Video of my DRY CSS talk

Posted by jeremyclarke on March 7, 2012 · design · GlobalVoices

It’s not exactly a thrill ride, coming in at 51 minutes, but here’s the full audio+slides video of my presentation about DRY CSS, my “simple yet powerful CSS architecture that avoids duplication and increases design consistency by grouping shared properties together rather than redefining them over and over”. Sorry there’s not footage of my pretty face, I recorded this using Screen Capture in QuickTime and Voice Memos on my iPhone (using the earbud mic).

For the impatient, you can also go through just the slides on slideshare.

Posted by jeremyclarke on · design · GlobalVoices

5 Comments

  1. DRY CSS – Slides from my ConFoo 2012 talk - Simian Uprising by Jeremy Clarke

    […] Here’s the video with slides+audio of talk in case you prefer that. It’s 51min […]

    March 7th, 2012 at 1:41 pm

  2. jim

    I find that when working in a team, styles get repeated (for numerous reasons – laziness, a lack of CSS understanding, laziness, being rushed and laziness, to name a few). Especially on work-in-progress works. But this certainly is the ideal to strive for and it’s fun trying to see just how small the CSS can become.

    Great talk!

    March 7th, 2012 at 1:52 pm

  3. jeremyclarke

    No matter what getting a team to consistently apply a CSS pattern is going to be nearly impossible. I like to think using this DRY style would make it easier, cause at least you could say “Use the groups that are there! Talk to me if you want to add a group!” but ultimately laziness, laziness and laziness are going to result in people creating random selectors all over. At least as the manager you could just re-organize and DRY their code later.

    March 7th, 2012 at 2:04 pm

  4. Alice

    (Reposted comment for the previous entry before I saw this newer one. The other one could be removed if you want.)
    Your DRY CSS method is pretty sound overall, but there are still things you have to repeat in plain CSS: the selectors themselves. As the site grows more complex, the lists of grouped selectors can get pretty daunting. Also it’s hard to understand exactly what styles applies to one particular selector (without doing a find in file, or looking at its styles in the browser debugger), and updating the style of one selector could involve a lot of work, modifying its group membership for each attribute that needs changing.

    I think Sass could still help with organization and DRYing up the styles in this case, so that it’s easier to see what groups are available, and which groups one selector belong to. You can have a clean list of groups in one place:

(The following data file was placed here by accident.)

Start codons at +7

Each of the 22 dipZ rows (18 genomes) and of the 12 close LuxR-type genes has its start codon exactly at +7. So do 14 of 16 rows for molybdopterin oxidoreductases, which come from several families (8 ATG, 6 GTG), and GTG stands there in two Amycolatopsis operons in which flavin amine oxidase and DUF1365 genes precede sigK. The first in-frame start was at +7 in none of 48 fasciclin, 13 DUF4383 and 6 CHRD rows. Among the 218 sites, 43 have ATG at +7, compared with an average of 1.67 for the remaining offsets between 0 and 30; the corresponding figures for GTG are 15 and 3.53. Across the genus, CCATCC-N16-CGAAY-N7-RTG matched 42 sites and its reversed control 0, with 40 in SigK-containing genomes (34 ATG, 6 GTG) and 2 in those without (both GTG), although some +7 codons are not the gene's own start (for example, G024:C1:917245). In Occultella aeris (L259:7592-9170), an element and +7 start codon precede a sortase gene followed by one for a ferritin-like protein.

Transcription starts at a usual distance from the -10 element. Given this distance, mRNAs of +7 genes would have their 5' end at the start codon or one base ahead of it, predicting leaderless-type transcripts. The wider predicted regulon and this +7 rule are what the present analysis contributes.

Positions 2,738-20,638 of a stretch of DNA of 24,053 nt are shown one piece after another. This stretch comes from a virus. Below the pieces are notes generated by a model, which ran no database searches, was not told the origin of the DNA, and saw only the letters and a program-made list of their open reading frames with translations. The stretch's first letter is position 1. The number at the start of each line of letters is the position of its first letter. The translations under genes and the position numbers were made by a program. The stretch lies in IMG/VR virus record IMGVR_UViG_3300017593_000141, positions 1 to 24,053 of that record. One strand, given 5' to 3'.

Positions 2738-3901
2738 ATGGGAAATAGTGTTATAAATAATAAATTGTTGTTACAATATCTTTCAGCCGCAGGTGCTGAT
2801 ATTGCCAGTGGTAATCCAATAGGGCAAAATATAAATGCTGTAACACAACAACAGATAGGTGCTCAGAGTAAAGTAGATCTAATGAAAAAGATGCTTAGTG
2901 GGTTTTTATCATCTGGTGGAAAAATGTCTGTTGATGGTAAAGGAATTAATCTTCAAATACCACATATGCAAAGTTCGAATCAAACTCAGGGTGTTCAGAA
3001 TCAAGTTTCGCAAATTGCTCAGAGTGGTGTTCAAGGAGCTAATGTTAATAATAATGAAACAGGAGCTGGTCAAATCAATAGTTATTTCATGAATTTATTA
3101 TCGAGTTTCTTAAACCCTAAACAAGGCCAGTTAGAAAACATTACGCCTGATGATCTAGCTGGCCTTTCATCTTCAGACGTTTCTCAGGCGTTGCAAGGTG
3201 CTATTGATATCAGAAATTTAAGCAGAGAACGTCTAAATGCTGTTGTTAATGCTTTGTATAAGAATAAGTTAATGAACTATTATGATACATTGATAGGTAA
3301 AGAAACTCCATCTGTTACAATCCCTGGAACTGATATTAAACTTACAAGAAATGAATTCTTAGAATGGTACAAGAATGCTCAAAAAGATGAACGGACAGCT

.light-white-background {
    background: #fff;
    border-color: #ccc;
    }
    .medium-white-background {
    background: #fff;
    border-color: #bbb;
    }
    .small-text {
    font-size: 9px;
    }
    .medium-text {
    font-size: 12px;
    }

    Then use @extend to specify group membership:
    .header {
    @extend .light-white-background;
    @extend .medium-text;
    }
    .footer {
    @extend .medium-white-background;
    @extend .small-text;
    }

    Sass will compile the CSS so that each selector is put with its right groups:
    .light-white-background, .header {
    background: #fff;
    border-color: #ccc;
    }
    .medium-white-background, .footer {
    background: #fff;
    border-color: #bbb;
    }
    .small-text, .footer {
    font-size: 9px;
    }
    .medium-text, .header {
    font-size: 12px;
    }

    The end result is the same, but I think the Sass source code is even cleaner, more readable and easier to maintain. I got the idea from an article by Thomas Reynold, who uses this method to create a style guide in CSS, which is a similar concept: http://awardwinningfjords.com/2010/07/30/style-guides-using-sass-extend.html

    April 16th, 2012 at 6:18 pm

  5. CSS Architectures: Scalable and Modular Approaches

    […] How do you create a group? Start by naming the group based on its role in the design. Then use the name of the group as an ID at the top of the list and a class at the bottom. Then add the rest of the selectors that share properties above the descriptive class name that they share. Jeremy gives the example shown in Figure 1 in his presentation “DRY CSS: A don’t-repeat-yourself methodology for creating efficient, unified and Scalable styleshe….” […]

    May 1st, 2013 at 6:30 am

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